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Twitter continues TV engagement with Trendrr purchase

Trendrr is a tool to track social engagement with television in real-time

Financial trends and news by Steven Loeb
August 28, 2013 | Comments
Short URL: http://vator.tv/n/31a9

Twitter clearly wants to be in the television advertising business. The company has gone out of its way to prove that tweets can actually lead to higher television ratings, and it has also created tv ad targeting software, in order to help advertisers capitalize on that increased engagement.

What it all comes down to is being able to deliver ads, in real-time, as users are watching their televisions. Twitter has now taken a big step in that direction by purchasing real-time TV data company Trendrr, it was announced via, what else, a Tweet on Wednesday.

Financial terms of the deal have not been disclosed.

Trendrr CEO Mark Ghuneim explained even further why the two companies are a good match in a post on Trenddr's blog.

"Over the last five years we have led the way in working with real-time data and television, unlocking the power and value of engagement around TV and creating compelling media experiences around content," he wrote.

"Having sat at this intersection of TV and social media for years, we’ve analyzed data from lots of platforms. What makes Twitter uniquely compelling among these platforms is its connection to the live moment — people sharing what’s happening, when it’s happening, to the world. We think we can help amplify even stronger the power of that connection to the moment inside of Twitter."

Curatorr, Trendrr's Twitter certified product, will work with media companies, marketers, and display ecosystem partners to create user experiences, he explained, and the company will continue "to pursue our initial charter of focusing on the real-time aspects of TV and media."

Trendrr's technology would seem to go hand in hand with Twitter's tv ad targeting software, which it premiered in beta mode in May, and then expanded to to all U.S. advertisers that run national television spots in July.

The technology allows advertisers to engage directly with people on Twitter who have been exposed to their ads on live television. 

It works by identifying Tweets that correspond with that television show. Because the person was engaged enough to tweet about it, the company figures that they watched the ads as well (which, in all honesty, is a bit of a leap. It is more likely they were sending the tweets in question while the ads were playing). Twitter will then push out promoted tweets that extend those advertisements.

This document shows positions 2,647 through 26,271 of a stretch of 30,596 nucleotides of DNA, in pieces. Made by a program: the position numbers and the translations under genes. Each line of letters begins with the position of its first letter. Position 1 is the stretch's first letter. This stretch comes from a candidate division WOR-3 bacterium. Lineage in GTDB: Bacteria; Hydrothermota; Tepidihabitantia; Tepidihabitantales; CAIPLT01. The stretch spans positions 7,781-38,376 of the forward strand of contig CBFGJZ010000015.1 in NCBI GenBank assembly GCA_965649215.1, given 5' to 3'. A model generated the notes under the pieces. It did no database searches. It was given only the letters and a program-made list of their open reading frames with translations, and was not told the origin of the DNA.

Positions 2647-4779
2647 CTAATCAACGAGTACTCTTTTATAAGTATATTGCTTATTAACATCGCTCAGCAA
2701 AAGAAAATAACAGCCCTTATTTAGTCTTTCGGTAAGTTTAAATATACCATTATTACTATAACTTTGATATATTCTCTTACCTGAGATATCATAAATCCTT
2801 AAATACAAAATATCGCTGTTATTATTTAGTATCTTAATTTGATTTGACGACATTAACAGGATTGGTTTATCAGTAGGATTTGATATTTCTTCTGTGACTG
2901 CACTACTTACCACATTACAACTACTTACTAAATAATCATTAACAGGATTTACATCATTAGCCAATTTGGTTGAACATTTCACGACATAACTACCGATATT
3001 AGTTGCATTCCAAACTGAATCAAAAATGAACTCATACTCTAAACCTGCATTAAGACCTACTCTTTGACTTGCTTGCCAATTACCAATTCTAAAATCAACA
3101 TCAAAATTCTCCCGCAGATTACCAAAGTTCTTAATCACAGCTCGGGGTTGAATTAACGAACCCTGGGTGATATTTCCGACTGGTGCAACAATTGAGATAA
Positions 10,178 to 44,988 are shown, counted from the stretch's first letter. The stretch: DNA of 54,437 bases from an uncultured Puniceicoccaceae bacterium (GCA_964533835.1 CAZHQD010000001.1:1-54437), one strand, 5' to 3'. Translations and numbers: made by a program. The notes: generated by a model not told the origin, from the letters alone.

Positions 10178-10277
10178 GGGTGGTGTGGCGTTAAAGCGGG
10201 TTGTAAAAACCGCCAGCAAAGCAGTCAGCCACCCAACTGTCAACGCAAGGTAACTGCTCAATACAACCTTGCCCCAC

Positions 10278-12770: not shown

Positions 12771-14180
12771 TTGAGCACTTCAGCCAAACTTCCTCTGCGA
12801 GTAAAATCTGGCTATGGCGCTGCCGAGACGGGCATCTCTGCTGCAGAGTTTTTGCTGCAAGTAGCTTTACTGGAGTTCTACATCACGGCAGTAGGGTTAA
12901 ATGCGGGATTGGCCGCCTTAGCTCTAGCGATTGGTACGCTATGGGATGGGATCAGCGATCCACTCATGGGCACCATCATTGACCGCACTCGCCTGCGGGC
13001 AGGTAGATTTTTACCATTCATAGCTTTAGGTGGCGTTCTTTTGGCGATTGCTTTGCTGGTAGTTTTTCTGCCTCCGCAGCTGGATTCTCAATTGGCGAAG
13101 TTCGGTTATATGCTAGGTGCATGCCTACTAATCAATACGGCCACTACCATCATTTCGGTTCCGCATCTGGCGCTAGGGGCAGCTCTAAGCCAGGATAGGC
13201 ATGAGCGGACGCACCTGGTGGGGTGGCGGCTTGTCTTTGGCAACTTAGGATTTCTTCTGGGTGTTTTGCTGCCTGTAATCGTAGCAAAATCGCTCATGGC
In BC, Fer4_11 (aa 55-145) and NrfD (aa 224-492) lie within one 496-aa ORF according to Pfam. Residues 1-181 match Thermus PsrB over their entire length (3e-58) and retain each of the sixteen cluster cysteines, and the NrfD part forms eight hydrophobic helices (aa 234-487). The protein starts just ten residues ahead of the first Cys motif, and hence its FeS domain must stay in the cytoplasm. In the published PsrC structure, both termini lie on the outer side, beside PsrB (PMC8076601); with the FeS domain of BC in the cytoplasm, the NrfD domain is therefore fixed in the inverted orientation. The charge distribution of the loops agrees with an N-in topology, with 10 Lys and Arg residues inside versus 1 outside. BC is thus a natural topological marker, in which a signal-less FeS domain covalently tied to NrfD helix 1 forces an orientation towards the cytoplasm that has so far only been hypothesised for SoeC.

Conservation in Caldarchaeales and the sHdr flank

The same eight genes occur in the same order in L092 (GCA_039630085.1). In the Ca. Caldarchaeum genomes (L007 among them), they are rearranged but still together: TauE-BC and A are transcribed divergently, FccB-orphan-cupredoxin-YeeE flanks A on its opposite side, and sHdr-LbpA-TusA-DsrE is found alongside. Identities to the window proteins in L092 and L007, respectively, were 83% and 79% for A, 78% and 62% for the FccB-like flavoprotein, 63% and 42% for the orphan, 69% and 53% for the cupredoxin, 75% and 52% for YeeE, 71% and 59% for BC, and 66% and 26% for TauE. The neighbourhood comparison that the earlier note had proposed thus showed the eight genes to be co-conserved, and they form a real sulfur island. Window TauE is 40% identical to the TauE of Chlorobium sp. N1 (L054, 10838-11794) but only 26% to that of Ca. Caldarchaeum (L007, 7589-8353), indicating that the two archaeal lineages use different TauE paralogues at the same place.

Say, for example, someone is watching the newest episode of the Big Bang Theory. If they send out a tweet about what happened in that show, and then a commercial comes on for Holiday Inn, that company can then send them a promoted message.

During the beta period, Twitter said  that users that Twitter identified as being exposed on TV, and who then engaged with a Promoted Tweet, demonstrated a 95% stronger message association and 58% higher purchase intent compared to users identified as being exposed on TV alone. 

Advertisers using TV ad targeting also reported engagement rates that were 27% higher than their historical averages.

Twitter has made ts relationship with television an integral part of its monetization and advertising strategy.

It was reported back in April that Twitter was in talks with both Viacom and Comcast's NBCUniversal to host television clips on the site, allowing it to stream videos on its site and then split the resulting ad revenue with the networks.

Twitter already has deals with ESPN, the Weather Channel and Turner Broadcasting, and these new partnerships would bring clips from other big channels, with popular content, including USA, MTV, Comedy Central, Spike and Nickelodeon. 

Twitter and Trendrr were not available for additional comment.

(Image source: http://www.techradar.com)

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